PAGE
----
Principal of the University of Glasgow
University of Glasgow Principal, Chair of the Russell Group and top economist Anton Muscatelli has written an open letter to students about Brexit for The Glasgow Guardian
It goes without saying that Brexit is the single biggest public crisis we’ve had to face in living memory. Over the last two and a half years, I’ve been proud to have taken a strong stance against leaving the European Union, in a personal capacity, and to highlight the ways in which the UK turning its back on our European neighbours would leave us diminished in every way.
Almost inevitably, much of the discussion has focussed around the undoubtedly huge economic damage which will be inflicted if Brexit goes ahead, as well as the specific impact on the Higher Education sector, through lost funding and access to pan-European networks.
However, I’ve also been clear – and this is perhaps the most depressing aspect of Brexit – that there would be a huge social and cultural cost.
European researchers contribute to quite literally all of the world-leading work undertaken at the University. In our research from the Arts and Humanities and Social Sciences to Science, Engineering and the Biomedical Sciences. In our innovation in areas ranging from Precision Medicine and Quantum Technology, to nanofabrication, to our contributions to sectors like the Cultural and Creative Industries and FinTech – all of which are major planks of Scotland’s economy.
Our lecture halls and seminar rooms are enriched by the diversity of our European students, offering distinct and varied perspectives which only enhance the educational experiences of our students who come to us from Scotland and across the UK.
I have also always argued that being a part of Europe also makes us more international and open in every way to every nation around the world. There is no trade off in being open to Europe and being open to the whole world outside Europe. Our many students from outside Europe equally enhance our diversity and make us a truly global and inclusive community.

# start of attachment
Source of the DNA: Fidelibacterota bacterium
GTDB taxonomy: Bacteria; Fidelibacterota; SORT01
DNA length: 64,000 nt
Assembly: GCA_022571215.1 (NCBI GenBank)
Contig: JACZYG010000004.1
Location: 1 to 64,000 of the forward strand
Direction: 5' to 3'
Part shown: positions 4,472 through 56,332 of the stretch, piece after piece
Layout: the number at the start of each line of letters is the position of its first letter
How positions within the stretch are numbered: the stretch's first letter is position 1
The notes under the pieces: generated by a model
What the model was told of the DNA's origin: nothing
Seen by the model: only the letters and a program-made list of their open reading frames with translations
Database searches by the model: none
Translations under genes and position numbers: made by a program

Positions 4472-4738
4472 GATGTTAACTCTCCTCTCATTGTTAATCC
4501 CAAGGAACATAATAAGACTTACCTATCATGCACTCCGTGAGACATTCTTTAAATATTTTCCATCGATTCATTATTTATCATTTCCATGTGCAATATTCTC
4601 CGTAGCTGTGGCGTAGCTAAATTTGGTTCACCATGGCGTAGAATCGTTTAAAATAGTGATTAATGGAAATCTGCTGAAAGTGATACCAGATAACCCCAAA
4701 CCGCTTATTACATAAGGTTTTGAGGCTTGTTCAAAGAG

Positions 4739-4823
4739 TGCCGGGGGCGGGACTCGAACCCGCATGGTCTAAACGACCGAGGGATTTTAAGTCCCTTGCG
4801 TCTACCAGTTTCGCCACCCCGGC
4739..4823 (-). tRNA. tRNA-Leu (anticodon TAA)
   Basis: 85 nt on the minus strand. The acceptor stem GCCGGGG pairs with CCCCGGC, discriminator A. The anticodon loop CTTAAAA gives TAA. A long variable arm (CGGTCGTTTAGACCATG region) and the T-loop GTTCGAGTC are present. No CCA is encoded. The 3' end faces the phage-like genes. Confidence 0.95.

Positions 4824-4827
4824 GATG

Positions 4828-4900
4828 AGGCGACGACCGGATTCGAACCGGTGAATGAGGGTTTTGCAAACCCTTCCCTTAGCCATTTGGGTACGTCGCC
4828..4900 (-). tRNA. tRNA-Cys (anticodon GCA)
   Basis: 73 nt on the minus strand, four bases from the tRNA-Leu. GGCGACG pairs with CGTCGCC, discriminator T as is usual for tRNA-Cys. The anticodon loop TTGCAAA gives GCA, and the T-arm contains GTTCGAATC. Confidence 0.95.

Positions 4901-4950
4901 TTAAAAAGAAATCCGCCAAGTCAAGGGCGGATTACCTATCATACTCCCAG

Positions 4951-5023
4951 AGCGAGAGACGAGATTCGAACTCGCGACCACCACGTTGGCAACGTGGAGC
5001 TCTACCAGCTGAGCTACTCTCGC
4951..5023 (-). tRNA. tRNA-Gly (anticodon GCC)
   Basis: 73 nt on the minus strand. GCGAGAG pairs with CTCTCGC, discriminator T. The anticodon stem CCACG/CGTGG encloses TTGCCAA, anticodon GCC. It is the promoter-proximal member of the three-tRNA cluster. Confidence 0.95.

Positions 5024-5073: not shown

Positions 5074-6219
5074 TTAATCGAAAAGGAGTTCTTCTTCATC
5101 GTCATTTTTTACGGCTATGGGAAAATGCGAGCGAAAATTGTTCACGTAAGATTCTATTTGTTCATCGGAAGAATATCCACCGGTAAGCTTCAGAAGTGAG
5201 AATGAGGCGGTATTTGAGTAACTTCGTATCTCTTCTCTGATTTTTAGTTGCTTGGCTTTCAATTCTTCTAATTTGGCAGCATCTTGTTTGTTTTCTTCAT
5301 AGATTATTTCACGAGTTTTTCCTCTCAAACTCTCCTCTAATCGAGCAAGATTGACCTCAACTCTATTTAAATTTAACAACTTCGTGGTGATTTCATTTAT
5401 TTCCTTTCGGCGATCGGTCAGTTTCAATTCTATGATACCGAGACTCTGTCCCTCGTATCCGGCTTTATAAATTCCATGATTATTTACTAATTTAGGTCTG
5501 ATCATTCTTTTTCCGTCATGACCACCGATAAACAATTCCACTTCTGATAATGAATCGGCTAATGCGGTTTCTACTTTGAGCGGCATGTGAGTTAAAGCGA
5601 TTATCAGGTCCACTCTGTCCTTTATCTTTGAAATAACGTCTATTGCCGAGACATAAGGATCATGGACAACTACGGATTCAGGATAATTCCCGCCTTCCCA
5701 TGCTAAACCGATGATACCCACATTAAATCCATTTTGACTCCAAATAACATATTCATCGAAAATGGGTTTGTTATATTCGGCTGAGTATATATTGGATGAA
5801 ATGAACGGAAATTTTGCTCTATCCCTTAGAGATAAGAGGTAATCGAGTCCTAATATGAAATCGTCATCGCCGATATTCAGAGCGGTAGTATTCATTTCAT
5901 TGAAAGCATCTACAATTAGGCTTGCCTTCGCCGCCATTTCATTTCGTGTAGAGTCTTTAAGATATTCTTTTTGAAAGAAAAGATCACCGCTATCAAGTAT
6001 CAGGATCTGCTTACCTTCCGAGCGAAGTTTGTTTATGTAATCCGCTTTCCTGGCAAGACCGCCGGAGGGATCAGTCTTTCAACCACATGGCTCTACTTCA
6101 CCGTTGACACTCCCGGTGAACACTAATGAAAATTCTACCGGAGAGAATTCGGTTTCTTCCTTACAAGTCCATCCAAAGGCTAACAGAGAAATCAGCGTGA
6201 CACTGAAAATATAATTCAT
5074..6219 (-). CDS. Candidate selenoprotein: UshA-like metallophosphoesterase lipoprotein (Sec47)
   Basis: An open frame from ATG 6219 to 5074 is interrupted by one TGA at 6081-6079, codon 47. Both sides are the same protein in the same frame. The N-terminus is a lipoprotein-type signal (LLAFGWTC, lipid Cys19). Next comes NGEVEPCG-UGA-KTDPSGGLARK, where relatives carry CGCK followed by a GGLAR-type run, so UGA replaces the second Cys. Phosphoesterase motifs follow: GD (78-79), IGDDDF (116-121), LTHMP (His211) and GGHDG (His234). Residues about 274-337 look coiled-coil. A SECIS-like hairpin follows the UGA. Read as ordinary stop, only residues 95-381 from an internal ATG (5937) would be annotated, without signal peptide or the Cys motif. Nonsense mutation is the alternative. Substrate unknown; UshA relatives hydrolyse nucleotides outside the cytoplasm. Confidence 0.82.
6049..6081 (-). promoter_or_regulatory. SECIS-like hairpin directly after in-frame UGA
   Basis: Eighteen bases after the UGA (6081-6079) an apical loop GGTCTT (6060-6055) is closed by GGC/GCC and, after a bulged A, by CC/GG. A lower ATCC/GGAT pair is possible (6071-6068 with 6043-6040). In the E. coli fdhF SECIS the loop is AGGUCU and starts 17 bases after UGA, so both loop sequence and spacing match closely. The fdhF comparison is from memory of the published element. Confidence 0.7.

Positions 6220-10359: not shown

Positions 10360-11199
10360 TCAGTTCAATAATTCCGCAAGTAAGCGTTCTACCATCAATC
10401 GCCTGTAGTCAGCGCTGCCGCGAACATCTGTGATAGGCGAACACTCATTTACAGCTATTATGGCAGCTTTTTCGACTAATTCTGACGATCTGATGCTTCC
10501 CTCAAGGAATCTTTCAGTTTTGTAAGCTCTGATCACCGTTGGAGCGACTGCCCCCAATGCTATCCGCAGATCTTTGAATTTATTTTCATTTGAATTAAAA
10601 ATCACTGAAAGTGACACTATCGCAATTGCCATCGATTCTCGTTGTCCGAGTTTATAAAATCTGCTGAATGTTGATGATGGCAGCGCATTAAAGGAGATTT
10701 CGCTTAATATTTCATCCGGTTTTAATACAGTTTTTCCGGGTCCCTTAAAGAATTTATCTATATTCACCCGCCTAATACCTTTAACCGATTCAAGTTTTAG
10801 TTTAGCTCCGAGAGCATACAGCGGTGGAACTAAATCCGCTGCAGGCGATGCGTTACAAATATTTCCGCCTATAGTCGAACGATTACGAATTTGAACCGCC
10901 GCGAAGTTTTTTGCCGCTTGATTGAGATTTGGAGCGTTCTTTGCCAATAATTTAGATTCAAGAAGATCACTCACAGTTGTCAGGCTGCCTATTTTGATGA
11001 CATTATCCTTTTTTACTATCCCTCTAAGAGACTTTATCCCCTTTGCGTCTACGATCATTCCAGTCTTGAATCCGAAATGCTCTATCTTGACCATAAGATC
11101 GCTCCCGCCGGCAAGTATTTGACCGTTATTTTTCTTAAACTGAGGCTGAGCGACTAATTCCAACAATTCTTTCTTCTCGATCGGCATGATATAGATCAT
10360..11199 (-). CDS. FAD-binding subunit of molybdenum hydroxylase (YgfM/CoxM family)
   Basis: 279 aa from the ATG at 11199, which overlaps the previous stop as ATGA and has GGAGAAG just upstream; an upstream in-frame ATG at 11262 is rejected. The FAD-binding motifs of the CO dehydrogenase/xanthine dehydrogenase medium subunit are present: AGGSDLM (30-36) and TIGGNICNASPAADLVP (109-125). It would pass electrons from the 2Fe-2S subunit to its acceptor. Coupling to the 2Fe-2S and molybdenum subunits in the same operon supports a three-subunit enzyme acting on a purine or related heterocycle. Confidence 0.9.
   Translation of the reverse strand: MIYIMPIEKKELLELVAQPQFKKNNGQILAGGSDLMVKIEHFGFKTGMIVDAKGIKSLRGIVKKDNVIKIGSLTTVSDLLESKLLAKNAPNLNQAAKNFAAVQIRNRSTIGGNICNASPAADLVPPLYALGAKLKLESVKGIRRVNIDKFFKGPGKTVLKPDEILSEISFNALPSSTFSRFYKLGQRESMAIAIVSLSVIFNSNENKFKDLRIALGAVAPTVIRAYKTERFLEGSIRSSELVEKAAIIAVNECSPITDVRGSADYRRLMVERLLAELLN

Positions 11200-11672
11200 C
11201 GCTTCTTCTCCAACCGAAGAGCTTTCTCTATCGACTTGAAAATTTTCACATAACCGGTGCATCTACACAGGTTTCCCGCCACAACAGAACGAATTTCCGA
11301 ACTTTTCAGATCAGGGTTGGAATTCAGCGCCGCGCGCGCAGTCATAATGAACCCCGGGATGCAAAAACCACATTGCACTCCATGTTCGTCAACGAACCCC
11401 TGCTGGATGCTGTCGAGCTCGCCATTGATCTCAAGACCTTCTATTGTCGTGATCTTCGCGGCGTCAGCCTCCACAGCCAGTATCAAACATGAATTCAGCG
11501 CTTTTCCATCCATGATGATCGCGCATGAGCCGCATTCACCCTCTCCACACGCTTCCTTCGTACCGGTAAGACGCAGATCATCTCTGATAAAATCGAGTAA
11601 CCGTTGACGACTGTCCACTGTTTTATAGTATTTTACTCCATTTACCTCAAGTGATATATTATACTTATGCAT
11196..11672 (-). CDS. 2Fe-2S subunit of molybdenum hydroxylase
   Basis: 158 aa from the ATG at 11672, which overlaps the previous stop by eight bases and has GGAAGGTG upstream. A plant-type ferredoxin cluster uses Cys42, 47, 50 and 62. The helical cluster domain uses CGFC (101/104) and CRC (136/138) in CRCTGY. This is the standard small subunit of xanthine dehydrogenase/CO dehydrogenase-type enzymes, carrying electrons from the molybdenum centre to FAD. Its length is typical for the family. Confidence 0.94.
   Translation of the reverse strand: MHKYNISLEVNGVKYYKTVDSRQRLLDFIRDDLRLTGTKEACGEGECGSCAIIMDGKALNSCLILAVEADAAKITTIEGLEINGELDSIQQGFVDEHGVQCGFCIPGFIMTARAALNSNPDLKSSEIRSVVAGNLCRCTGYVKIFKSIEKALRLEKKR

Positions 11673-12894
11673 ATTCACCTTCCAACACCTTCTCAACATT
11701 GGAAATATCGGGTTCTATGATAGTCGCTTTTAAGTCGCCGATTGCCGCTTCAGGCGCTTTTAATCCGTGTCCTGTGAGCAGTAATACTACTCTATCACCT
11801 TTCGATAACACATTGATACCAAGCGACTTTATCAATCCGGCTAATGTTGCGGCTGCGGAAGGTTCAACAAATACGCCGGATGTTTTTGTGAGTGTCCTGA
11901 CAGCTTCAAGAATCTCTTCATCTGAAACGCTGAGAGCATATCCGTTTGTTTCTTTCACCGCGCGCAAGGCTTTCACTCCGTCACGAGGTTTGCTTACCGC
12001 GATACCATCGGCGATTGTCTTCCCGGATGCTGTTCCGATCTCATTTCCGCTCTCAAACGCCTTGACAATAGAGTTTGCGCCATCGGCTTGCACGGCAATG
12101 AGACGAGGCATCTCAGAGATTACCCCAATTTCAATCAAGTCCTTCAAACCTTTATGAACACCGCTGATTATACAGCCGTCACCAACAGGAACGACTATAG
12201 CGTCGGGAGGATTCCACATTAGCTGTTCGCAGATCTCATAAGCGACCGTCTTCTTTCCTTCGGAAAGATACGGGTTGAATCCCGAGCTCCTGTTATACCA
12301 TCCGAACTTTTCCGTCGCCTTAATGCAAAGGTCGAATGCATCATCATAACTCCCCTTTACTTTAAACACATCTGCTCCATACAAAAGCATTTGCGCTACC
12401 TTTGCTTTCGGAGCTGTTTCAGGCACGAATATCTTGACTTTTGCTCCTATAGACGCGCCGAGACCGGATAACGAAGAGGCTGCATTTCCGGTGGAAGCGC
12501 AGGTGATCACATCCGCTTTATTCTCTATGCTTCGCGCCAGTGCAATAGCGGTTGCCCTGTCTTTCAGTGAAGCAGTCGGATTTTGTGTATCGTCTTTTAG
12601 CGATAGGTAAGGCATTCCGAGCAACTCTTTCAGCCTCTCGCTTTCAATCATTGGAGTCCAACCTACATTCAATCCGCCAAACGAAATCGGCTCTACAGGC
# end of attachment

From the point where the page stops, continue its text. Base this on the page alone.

And the culture of our campus and our City would be simply unrecognisable were it not for the impact of our staff and students from the Continent and beyond.
Simply put, EU nationals as part of that international dimension of our University have made our University and the City we serve what it is today – and on behalf of the University, I assure each and every one of you that we will do everything we possibly can to ensure that we are able to continue to welcome people from across Europe to live, work and study in Glasgow, and that we will continue to support all of those students and staff who are already part of our University community.
Our University was founded more than half a millennium ago, very much in the European tradition. We welcomed students from other European universities immediately after our foundation in 1451. Whatever the outcome of the current political crisis, we will continue to be such an institution – proudly Glaswegian, proudly Scottish and proudly European. Indeed a global University with an outward looking perspective and an open and inclusive ethos, committed as much to playing our part in solving the major international problems of the day as we are to being full and active citizens of Glasgow.
We will remain a bastion of excellence, of multiculturalism and of internationalism – and the contribution of our European students and colleagues will always be not only welcomed and acknowledged, but heralded as a social good in itself, making our City a better, more vibrant place.
And regardless of the outcome of the Brexit process, our European staff, students and alumni – and indeed all of our community that comes here from outside the UK – will always be able to call our campus home.